Physicians' path to re-entry after a prolonged break from practicing hasn't gotten much smoother amid a growing workforce shortage in primary care, according to an article from Kaiser Health News.
The best approach, FiercePracticeManagement reported previously, is for physicians to keep their credentials up-to-date even if they suspend their practices. And that's exactly the approach Maria DiMeglio, M.D., took, according to KHN. Although she thought she was retiring when leaving her OB/GYN practice six years ago to care for family members, she retained her medical license and kept up with continuing education courses.
But like many physicians who told similar stories to KHN, DiMeglio said getting her job and hospital privileges back wasn't easy. She enrolled in a retraining program run by her old hospital, Cedars-Sinai Medical Center, during which she saw patients under the supervision of other physicians. Enrollees spend between six weeks and three months at the Cedars-Sinai program, at a cost of $5,000 a month.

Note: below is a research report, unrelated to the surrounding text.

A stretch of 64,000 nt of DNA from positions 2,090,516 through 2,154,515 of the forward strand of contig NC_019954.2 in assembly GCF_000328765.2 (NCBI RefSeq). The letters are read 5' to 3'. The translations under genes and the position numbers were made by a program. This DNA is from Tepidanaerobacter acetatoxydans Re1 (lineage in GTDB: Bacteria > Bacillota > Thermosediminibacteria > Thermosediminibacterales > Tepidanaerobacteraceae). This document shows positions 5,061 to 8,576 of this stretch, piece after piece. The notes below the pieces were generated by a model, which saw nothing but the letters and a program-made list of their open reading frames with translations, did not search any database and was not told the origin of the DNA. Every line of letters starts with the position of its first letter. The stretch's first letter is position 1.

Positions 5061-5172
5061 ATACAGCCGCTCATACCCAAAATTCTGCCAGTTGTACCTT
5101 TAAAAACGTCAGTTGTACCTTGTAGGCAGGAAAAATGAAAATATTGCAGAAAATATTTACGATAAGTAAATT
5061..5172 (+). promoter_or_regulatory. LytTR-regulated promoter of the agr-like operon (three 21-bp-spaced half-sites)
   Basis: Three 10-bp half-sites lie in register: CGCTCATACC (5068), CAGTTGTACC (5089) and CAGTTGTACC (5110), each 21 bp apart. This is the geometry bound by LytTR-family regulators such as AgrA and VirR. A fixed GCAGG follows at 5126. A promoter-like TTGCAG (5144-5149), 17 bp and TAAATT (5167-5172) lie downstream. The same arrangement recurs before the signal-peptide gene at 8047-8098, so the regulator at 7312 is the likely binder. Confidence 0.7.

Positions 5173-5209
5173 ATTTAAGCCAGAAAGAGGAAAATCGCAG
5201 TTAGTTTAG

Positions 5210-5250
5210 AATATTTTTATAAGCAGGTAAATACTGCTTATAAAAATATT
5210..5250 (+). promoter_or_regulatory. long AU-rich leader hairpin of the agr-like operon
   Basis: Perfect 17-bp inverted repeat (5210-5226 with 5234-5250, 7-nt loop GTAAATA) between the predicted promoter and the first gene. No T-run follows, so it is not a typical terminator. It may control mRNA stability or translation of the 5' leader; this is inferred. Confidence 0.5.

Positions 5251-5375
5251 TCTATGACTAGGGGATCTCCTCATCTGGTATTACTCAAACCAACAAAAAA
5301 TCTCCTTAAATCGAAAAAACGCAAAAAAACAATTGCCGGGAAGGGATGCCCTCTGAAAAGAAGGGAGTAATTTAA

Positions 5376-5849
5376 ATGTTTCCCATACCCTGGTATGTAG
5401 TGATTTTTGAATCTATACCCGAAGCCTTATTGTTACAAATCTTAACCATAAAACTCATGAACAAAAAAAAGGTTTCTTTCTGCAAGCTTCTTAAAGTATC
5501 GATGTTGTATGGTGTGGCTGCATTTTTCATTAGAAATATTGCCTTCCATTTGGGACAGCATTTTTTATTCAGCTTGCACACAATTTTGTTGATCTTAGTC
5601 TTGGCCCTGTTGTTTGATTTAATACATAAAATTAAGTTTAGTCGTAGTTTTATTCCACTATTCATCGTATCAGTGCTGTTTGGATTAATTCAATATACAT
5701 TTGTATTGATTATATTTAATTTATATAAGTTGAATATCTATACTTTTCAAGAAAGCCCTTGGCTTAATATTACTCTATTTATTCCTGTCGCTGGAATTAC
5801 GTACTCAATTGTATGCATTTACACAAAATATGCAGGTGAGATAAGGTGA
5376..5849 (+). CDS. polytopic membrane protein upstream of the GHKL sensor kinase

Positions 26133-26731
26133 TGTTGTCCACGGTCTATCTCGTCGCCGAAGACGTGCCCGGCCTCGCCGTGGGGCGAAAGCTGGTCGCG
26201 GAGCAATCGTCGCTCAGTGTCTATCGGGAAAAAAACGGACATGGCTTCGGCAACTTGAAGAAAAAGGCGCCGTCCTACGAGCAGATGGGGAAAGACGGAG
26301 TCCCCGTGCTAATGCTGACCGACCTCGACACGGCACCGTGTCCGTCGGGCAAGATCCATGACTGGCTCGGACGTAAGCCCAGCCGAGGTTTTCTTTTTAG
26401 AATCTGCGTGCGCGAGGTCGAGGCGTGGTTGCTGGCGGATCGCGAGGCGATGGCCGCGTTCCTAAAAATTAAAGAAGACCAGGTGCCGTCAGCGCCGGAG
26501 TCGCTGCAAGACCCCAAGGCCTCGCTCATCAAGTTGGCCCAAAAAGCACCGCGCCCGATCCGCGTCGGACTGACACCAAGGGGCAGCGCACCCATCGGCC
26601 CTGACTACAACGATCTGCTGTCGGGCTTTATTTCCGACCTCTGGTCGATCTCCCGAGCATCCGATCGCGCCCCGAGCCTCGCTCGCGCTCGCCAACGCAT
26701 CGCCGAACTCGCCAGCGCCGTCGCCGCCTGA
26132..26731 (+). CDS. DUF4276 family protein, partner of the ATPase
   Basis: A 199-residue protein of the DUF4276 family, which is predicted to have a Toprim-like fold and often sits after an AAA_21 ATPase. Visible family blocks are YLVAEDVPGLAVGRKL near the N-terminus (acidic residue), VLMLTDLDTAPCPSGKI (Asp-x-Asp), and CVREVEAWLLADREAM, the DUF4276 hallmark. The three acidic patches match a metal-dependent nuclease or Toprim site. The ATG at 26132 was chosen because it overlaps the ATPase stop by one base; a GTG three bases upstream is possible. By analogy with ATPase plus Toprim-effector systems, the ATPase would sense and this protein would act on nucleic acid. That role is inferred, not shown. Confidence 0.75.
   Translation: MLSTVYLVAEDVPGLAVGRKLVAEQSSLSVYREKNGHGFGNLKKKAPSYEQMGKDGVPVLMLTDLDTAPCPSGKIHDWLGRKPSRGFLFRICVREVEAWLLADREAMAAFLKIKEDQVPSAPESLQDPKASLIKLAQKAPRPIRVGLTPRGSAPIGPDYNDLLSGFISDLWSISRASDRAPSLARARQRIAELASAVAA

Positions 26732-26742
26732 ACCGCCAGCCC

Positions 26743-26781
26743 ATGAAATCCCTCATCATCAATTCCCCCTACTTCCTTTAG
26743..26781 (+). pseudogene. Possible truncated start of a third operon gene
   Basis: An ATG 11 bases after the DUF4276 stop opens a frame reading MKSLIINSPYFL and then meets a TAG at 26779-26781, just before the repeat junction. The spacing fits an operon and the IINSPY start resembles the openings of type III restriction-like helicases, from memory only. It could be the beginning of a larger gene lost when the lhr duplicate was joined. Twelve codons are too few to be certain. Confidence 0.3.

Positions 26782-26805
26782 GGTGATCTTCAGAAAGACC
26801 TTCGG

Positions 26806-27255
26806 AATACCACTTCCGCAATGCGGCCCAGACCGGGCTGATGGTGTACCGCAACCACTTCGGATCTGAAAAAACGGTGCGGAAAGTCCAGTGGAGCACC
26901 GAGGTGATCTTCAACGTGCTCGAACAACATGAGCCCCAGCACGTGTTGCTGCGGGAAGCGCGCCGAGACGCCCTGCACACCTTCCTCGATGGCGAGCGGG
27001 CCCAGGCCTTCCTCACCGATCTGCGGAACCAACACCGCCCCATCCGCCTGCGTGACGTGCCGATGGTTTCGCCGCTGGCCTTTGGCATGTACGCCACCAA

The retraining program, "wasn't difficult, but it was expensive and time-consuming," DiMeglio said. "Not everyone can do that."
While many re-entry programs are hospital-run, other options exist. The Physician Retraining & Reentry Program, created by former medical school professor Leonard Glass, offers an online course for a cost of $7,000. In addition to retraining primary care doctors, the online program has attracted specialists who wanted to switch to primary care and restless retirees, Glass told KHN.
Efforts by the American Medical Association and the American Academy of Pediatrics aim to make physician re-entry less cumbersome going forward, KHN reported. Meanwhile, the Federation of State Medical Boards wants to create a standard process for physicians to demonstrate their readiness to return to practice. Proposed legislation by Maryland congressman John Sarbanes also focuses on the issue.
To learn more:
- read the article